Yuto Amakawa is a teenage high school boy who lives on his own, since none of his relatives are alive. Since then, his neighbor / childhood friend Rinko has taken care of him and even fed him. He also has an amulet handed down to him by his late grandmother. When he turns 16 he meets Himari - a cat-girl quite handy with a sword (who also managed to transform via one). She is sworn to protect him, as he is one the descendants of 12 Demon Slayer families, and demons want him dead. But he'll also to deal with her cat-ears, since Yuto is extremely allergic to cats.
Ah, the harem genre. It's died down a bit thanks to the rise of dating sim / visual novel anime, but every season seems to still have one or two shows of this genre continue to pop up. And very few of them, sadly, are more interesting than the Megami Magazine spreads that sport these girls in cute clothes or bathing suits, 99% of the time looking better than the actual series itself. And thus we bring our attention to Omamori Himari.
As for the synopsis; yes, you read that right, folks. A sword turns a cat into a human girl. If somehow your eyes didn't roll into the back of your head after reading that, then congratulations! You just might be the audience that Omamori Himari was aiming for! (There's also a busty cafe girl who looks like a blonde Mikuru Asahina but is actually an antique teacup. I swear I'm not making this up.) Well, that and those who like girls' breasts and butt cheeks, since you'll also see plenty of those as well. And with it the usual clichés of this genre:
Next-door neighbor girl with barely a chest and envies those around her much bigger than she is? Check.
Girls having conversations with themselves naked in the shower, wondering if the main guy likes them or not? Check.
Crazy-ass fiancés? Check.
Soft-spoken, emotionless loli? Check.
Main lead with no balls at all? Check.
Main girl who gets jealous at the drop of a hat? Check.
A villain who belittles others in battle to tick off people even more, with long talks of trash talk in-between? Check.
Childhood friend who does all of the cooking for the male lead since he can't do it himself? Check.
These clichés, as overused as they are, could still result in a decent show if done right. But they're not, because the characters drag this series down. Male lead aside, the cast is nearly entirely female, and they're all either flirts, villains, or crazy insane. Also, all but two of them are ridiculously stacked. Meanwhile, the battles are mostly talks, CG effects, and explosions.
Still, I have to give credit to Omamori Himari where credit is due. Himari, our cat-girl heroine, is an okay character when she isn't threatening Yuto or getting angry at the other girls around him. Rinko eventually does mellow out around the other busty girls and even tries (and fails) to seduce him too, but her grade-school figure doesn't do her any favors. Even Shizuku, the deadpan water-dragon deity, has her moments, typically having the only funny dialogue in any episode after her debut.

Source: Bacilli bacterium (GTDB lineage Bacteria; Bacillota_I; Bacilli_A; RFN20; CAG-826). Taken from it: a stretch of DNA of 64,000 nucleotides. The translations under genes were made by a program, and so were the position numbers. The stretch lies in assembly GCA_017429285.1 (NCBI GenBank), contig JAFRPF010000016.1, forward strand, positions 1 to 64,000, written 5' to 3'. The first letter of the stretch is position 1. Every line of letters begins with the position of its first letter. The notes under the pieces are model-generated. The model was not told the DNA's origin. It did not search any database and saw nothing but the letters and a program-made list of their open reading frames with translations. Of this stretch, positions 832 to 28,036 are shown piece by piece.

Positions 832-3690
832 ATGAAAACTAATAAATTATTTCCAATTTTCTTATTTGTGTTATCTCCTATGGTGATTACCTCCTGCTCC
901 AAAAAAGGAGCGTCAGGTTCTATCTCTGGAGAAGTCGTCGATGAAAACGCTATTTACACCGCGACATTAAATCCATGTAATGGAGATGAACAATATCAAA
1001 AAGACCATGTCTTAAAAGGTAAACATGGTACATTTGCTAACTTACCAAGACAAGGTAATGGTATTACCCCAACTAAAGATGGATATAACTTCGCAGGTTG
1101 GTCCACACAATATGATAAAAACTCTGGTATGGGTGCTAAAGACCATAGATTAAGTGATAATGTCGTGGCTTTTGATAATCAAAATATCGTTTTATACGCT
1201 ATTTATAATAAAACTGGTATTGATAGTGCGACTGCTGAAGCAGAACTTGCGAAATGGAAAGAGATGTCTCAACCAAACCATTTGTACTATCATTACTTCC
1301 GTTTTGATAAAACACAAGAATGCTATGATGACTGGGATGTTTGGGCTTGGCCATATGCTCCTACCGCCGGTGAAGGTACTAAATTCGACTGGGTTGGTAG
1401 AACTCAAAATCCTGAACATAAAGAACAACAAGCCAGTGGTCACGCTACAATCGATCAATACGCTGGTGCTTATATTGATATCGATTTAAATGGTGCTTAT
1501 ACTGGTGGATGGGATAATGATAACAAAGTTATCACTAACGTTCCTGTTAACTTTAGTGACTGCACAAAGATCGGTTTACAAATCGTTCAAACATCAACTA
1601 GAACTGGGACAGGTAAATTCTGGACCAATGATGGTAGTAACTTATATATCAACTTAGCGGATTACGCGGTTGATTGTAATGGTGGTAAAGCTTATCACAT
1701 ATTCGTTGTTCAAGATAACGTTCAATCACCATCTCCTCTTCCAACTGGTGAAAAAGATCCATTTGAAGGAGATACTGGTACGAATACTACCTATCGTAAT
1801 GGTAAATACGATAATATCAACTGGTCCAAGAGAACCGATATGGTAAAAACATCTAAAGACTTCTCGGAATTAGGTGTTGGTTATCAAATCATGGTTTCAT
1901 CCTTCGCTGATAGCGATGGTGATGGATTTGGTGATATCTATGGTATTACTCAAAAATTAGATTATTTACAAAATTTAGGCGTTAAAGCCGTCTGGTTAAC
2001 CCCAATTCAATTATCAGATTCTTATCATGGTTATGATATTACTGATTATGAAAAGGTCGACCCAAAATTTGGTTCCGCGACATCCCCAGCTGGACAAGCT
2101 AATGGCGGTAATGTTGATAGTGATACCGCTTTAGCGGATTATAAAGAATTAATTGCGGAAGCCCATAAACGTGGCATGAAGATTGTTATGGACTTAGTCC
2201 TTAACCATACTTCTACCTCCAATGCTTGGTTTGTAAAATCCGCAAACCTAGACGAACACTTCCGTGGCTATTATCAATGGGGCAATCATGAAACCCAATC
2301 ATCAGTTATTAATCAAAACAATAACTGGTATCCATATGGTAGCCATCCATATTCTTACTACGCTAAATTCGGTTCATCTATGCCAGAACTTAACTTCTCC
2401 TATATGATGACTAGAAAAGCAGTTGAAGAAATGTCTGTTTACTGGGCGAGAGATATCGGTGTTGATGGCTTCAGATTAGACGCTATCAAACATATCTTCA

Let's now talk on the battles, since it's a shonen series and all. And I must say, I don't think I've ever seen such poorly paced, dull fight scenes in a shonen series in quite some time. The ugly CG Zexcs uses in every fight scene don't help. (I don't think I've ever seen such ugly CG ater in an anime.) However, once you see the series' attempts at comedy - Shizuku dry-humping Yuto naked while she revitalizes him with water, Himari spouting cat-ears when angry to purposely annoy Yuto, Rinko walking in on him when someone else is there, or Yuto's crazy fiancé Kuesu mocking Himari ("Come to my hotel any time, Yuto, but keep the cat at home") - you'll be hankering for more battles.
Poorly paced battles and mostly unfunny humor aren't help by Omamori Himari's annoying side characters, throw-away soundtrack, and irritating voice acting. The nadir of the latter has got to be Daisuke Hirakawa as Yuto himself, who sounds like he had a cold when recording all his lines; Yuto sounds less like a teenage boy and more like a cowardly adult with a stuffy nose. It kills what little mood this series has. Iori Nomizu isn't much better on the ears as his childhood friend Rinko, and Kei Shindo isn't given much to work with as Shizuku, who sounds like a watered-down version of Mika Kanai's Vanilla from Galaxy Angel. Only Ami Koshimizu (Himari) and Yuki Matsuoka (Kuesu) sound interested in what they're saying aloud, but this is hardly their finest hour in voice acting.
And my review ends here. I stopped halfway through Omamori Himari, hoping that it would either get better, or so bad that a small part of me would want to see how hard the series would crash and burn. However, neither scenario ever occurred. And since there's no second season, I don't really have an incentive to finish it. If you're new to shonen anime, you'll probably enjoy Omamori Himari more than I do. Veterans of this genre know (and have seen) much better series out there that don't have cat-girls thrown in.
An unremarkable shonen series with weak gimmicks that don't make it any better. Add a star if you like fan service or cat girls. — Tim Jones
Recommended Audience: As a shonen series, there's quite a bit of blood and violence, especially since Himari fights with a sword and all. But more rampant is the fan service, which goes on so much that one episode on crunchyroll censors one girl's body except for her head for a minute or so! Older teenagers and up only.
Version(s) Viewed: crunchyroll.com stream
Review Status: Partial (6/12)
Omamori Himari © 2010 Milan Matra / Fujimi Shobo / Omamori Himari Production Committee
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